Sentia: a balanced approach to early learning

Sentia: a balanced approach to early learning
Jack Hayes

By Jack Hayes

Sitting on the northern banks of the Yarra, nestled between the Melbourne Aquarium, the Immigration Museum and Enterprize Park, you’ll find Sentia Early Learning: an oasis of industry-leading early childhood education.

As a single, privately owned service, Sentia provides a tailored and balanced values-based model, designed around the needs of their children, parents and educators.

With 15 years of experience, Sentia boasts one of the most sought-after views in the CBD with views across the Yarra providing a bright and positive environment where children can explore, bond, and imagine.

For Sentia Early Learning centre director Angela Hunt, the recently refurbished indoor and outdoor spaces offer the perfect canvas for a child’s development, empowering them to make decisions regarding their play, learning and social interactions.

“We pride ourselves on the environment we have created for our children and educators. But they are just a space, without the people,” Ms Hunt said.

“We focus and treasure our relationships with families. It can be the case, if we have a family’s first child, second child or even third child, we can have up to a 10-year relationship with them. We become a part of their family which is a real privilege for us.”

Sentia follows the Early Years Learning Framework (EYLF) from birth to five years including a fully funded three and four-year-old kindergarten program run by a qualified kindergarten teacher. Each child’s learning development is documented by the curriculum plan, their visual portfolios, reflection journals, newsletters, and projects on display.

The two-level centre has the capacity for 124 children across seven rooms, with a recently installed commercial kitchen and fully qualified full-time chef preparing meals across the day.

“We worked with local suppliers, too, at the Queen Victoria Market to ensure ingredients are fresh. Everyone knows when food tastes best when it’s prepared from fresh ingredients and prepared with love,” Ms Hunt said.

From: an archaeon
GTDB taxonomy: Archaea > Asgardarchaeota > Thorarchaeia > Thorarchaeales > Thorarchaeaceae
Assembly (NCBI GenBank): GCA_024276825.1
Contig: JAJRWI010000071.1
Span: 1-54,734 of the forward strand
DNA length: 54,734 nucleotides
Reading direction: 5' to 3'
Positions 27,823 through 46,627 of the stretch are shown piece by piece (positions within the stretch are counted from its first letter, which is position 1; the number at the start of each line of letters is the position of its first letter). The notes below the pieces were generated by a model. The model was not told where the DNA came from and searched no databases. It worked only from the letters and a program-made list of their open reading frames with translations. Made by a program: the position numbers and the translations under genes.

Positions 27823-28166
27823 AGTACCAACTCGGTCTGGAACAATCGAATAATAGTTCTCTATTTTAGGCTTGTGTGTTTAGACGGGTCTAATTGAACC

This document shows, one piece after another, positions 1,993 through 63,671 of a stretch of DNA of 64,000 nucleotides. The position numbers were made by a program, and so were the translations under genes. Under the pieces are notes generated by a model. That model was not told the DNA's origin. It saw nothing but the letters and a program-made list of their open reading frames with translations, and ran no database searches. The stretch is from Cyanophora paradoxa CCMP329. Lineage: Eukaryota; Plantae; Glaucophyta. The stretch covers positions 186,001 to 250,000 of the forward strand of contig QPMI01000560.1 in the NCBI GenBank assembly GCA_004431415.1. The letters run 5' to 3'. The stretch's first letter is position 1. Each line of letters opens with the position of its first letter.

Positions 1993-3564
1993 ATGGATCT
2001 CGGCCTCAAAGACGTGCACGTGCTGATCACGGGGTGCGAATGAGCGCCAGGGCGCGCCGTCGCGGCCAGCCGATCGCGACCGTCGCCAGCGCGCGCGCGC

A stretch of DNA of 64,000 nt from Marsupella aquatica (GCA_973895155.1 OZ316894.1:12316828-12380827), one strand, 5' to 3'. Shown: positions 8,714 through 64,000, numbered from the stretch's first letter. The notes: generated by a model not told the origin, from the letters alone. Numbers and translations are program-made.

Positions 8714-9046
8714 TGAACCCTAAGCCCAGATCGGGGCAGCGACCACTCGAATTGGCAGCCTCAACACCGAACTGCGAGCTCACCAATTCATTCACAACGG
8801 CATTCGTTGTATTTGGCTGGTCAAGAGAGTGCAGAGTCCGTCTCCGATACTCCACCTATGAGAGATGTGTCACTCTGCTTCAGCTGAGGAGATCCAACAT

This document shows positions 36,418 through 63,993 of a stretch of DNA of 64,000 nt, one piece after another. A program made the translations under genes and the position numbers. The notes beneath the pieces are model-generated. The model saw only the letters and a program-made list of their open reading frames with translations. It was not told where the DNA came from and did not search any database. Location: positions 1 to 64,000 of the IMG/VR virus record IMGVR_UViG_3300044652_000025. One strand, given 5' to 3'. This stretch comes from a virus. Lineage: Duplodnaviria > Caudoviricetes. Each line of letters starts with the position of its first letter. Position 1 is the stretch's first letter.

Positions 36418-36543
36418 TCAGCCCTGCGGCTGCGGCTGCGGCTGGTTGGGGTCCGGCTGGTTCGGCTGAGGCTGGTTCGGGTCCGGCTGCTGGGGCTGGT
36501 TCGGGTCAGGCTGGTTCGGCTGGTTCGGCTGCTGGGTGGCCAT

“We also offer a takeaway meal service for our families. They just jump on our website, order their family meal and when they pick up their children, they pick up their dinner; it is about helping our families balance their busy lives.”

Ms Hunt said although Sentia followed the EYLF, her team had curated a program that extracted the best of all teaching philosophies such as the Reggio Emilia approach, which sees the environment as a third teacher, as well as using elements of Steiner and Montessori in their educating.

One would be forgiven for taking a lull in capacity during 2020 due to a global pandemic as a time to rest, but for Ms Hunt and her team this period was spent refining their approach and developing their own “Sentia Family Framework”.

“We are the first childcare that I know of in Victoria that has the ‘happy or not’ technology for children and parents. We provide them with a screen to select from a number of options, then we analyse the results after that and alter our program where needed,” Ms Hunt said.

“It allows us to ensure the children, their families and our educators are as happy as they can be.”

“Our team is the heart of Sentia and our relationships are a real point of difference with us. I did calculations recently and the average tenure is four-and-a-half years. That is unheard of in childcare.”

According to Ms Hunt, children at Sentia are instilled with a sense of agency the moment they first walk, crawl or are rolled through their doors.

So much so, the refurbishment of its enormous rooftop playground was co-designed with a landscape architect and their room two with children.

Sentia’s program features a mixture of indoor and outdoor learning, as well as weekly incursions, and excursions throughout Melbourne.

“We have a great partnership with the Immigration Museum which sees our children visit for bilingual language time, and although they can’t always understand when the Hungry Little Caterpillar is being spoken is Mandarin, they love the sound and flow of it,” Ms Hunt said.

“We make sure children of all backgrounds and cultures are considered and catered for in our program through our teaching, menu and other resources.”

“We are also inclusive of children with additional needs to ensure all children are welcomed. We understand it can be challenging, but that is where our training and expertise coming into play, so that no child is left behind.” •

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